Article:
Education, therefore, ought to be about wisdom, teaching the skills that allow us to use our minds critically and glean important information from the dreck that surrounds us — and how to apply that information. Too often it is about information, per se, teachings kids the skills they will need to get a job or filling their minds with the information their teachers and professors have decided is important for them to know. The ability to winnow the information ought to be the skill that is taught and we can then hope that the young person will be lucky enough to wed that to a bit of common sense — which I suspect we are born with. Or not. But, in any event, wisdom ought to be discussed in our colleges and universities.
I do believe it can best be discovered by reading the words written by wise men and women who have experience of the world, who know what is appropriate in any circumstance and who have a wealth of common sense. And who write well.
“We shall not cease from exploration
And the end of all our exploring
Will be to arrive where we started
And know the place for the first time.”
Interesting to see you quote TS Eliot, I have been reading The Four Quartets (from which the quotation comes) over and over as it chimes with my current thinking and writing (not my blog). Wisdom is what we need when things look desperate. Let’s hope, to quote that poem – and Julian of Norwich – further, that despite all our worries and his ominous appointments, under Trump:
“…all shall be well and
All manner of things shall be well…”
Although, reading the words of online sages, I have my doubts.
Thanks for the good comment — and the glimmer of hope!
To the minimal extent thatvI have gained wisdom from my studies and my teaching, I have become increasingly aware of the great extent of my own ignorance. I used to know so much more when I was a teenager!
No one knows more than a teenager — not even Trump!
Hugh, Socrates’ definition of wisdom is timeless. We must also factor in the fragile human ego which impedes our asking more questions as we are afraid to reveal our ignorance. The truly wise person will ask questions to learn, not to show what they already know.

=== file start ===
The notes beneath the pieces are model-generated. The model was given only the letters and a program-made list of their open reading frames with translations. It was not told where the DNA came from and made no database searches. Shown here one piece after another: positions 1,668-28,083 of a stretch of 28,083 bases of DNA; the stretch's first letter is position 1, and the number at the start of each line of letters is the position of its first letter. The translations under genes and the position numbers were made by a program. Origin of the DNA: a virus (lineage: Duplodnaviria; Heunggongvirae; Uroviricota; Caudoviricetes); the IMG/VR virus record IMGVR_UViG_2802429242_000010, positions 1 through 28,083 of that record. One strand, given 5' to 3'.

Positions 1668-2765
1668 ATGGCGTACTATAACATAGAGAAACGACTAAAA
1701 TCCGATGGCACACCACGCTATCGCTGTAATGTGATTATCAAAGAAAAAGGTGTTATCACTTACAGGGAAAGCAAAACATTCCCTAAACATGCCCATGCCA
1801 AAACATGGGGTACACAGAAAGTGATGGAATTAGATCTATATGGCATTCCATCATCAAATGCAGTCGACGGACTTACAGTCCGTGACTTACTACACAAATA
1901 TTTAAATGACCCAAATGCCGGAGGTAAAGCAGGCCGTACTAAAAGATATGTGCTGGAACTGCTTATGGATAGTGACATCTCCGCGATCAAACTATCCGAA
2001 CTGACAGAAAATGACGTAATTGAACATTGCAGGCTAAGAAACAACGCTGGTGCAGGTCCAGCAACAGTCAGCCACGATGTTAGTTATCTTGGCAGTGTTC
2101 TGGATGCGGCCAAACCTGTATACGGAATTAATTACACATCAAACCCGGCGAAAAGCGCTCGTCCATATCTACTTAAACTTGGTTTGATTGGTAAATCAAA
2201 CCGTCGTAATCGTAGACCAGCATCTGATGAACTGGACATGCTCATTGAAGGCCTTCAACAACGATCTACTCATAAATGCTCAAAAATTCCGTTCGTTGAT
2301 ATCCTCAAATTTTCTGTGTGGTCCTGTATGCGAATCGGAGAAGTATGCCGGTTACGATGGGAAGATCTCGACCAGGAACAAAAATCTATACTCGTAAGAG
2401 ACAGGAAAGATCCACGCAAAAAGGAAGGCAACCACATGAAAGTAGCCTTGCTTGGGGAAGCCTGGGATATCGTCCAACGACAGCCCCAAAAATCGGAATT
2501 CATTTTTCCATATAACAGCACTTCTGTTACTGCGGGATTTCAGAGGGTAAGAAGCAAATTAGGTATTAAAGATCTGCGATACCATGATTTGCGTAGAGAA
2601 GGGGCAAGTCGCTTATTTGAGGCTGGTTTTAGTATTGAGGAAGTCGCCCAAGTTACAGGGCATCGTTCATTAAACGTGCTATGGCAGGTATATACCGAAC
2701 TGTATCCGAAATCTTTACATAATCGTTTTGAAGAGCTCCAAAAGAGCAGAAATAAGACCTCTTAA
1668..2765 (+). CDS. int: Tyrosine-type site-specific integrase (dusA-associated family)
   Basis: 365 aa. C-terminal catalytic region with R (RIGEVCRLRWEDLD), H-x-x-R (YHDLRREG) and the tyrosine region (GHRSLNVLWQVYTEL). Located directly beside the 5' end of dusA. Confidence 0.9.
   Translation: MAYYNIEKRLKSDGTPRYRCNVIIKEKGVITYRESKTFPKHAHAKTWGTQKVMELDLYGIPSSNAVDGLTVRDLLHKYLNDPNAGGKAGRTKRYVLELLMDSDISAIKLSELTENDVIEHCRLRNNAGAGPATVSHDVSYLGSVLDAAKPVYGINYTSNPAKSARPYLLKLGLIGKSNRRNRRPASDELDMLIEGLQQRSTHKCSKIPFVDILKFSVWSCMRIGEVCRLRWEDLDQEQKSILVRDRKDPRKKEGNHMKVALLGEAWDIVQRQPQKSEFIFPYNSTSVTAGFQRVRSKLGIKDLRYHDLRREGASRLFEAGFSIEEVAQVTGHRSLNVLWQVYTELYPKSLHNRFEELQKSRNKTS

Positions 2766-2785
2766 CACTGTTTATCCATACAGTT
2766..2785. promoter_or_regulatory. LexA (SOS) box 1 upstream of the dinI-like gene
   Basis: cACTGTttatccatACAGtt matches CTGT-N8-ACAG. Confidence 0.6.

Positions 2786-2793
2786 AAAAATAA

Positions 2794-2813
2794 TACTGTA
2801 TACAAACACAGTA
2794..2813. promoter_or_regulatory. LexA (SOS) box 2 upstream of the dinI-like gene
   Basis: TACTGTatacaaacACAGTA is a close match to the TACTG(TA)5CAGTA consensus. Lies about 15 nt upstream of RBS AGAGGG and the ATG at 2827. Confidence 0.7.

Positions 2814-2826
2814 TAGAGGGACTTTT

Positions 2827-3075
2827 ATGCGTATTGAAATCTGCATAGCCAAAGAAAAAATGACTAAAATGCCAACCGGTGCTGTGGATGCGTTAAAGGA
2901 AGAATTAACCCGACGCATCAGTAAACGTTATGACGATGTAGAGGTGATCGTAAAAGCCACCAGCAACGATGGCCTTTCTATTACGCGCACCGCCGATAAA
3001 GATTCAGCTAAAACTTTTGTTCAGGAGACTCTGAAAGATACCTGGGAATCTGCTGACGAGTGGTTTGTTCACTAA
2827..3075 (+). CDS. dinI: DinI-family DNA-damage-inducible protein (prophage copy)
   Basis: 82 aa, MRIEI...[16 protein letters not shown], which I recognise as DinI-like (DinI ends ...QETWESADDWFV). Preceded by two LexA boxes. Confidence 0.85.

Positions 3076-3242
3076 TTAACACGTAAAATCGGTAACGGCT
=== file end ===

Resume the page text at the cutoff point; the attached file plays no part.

What bothers me about today’s environment is we have a very uninformed society in this country who accepts what can be said wittily in 140 characters as wisdom. The wise person knows that our issues are far more complex than that and answers that brief betray the more holistic solutions.
One of my favorite examples is when people say poverty is entirely due to too many single mother families. That is obviously one reason, but what causes that? And, how can we help those who find themselves in that predicament.
Good post, Professor. Keith
Thanks, Keith. The examples are legion!
Only a wise person knows what an unwise person does not know. As the wise person (Socrates would have it), is him that knows that he does not know, it appears that those who assert Otherwise must necessarily NOT be wise. The result of such reason seems conclusive.
The simplest observation here is that you speak of the “Wise Person” in the 3rd person.It’s as if the Fish that was eaten by the Shark was telling how Smart the Fish was, who was NOT eaten by the Shark. Entertaining, to say nothing of Tragic.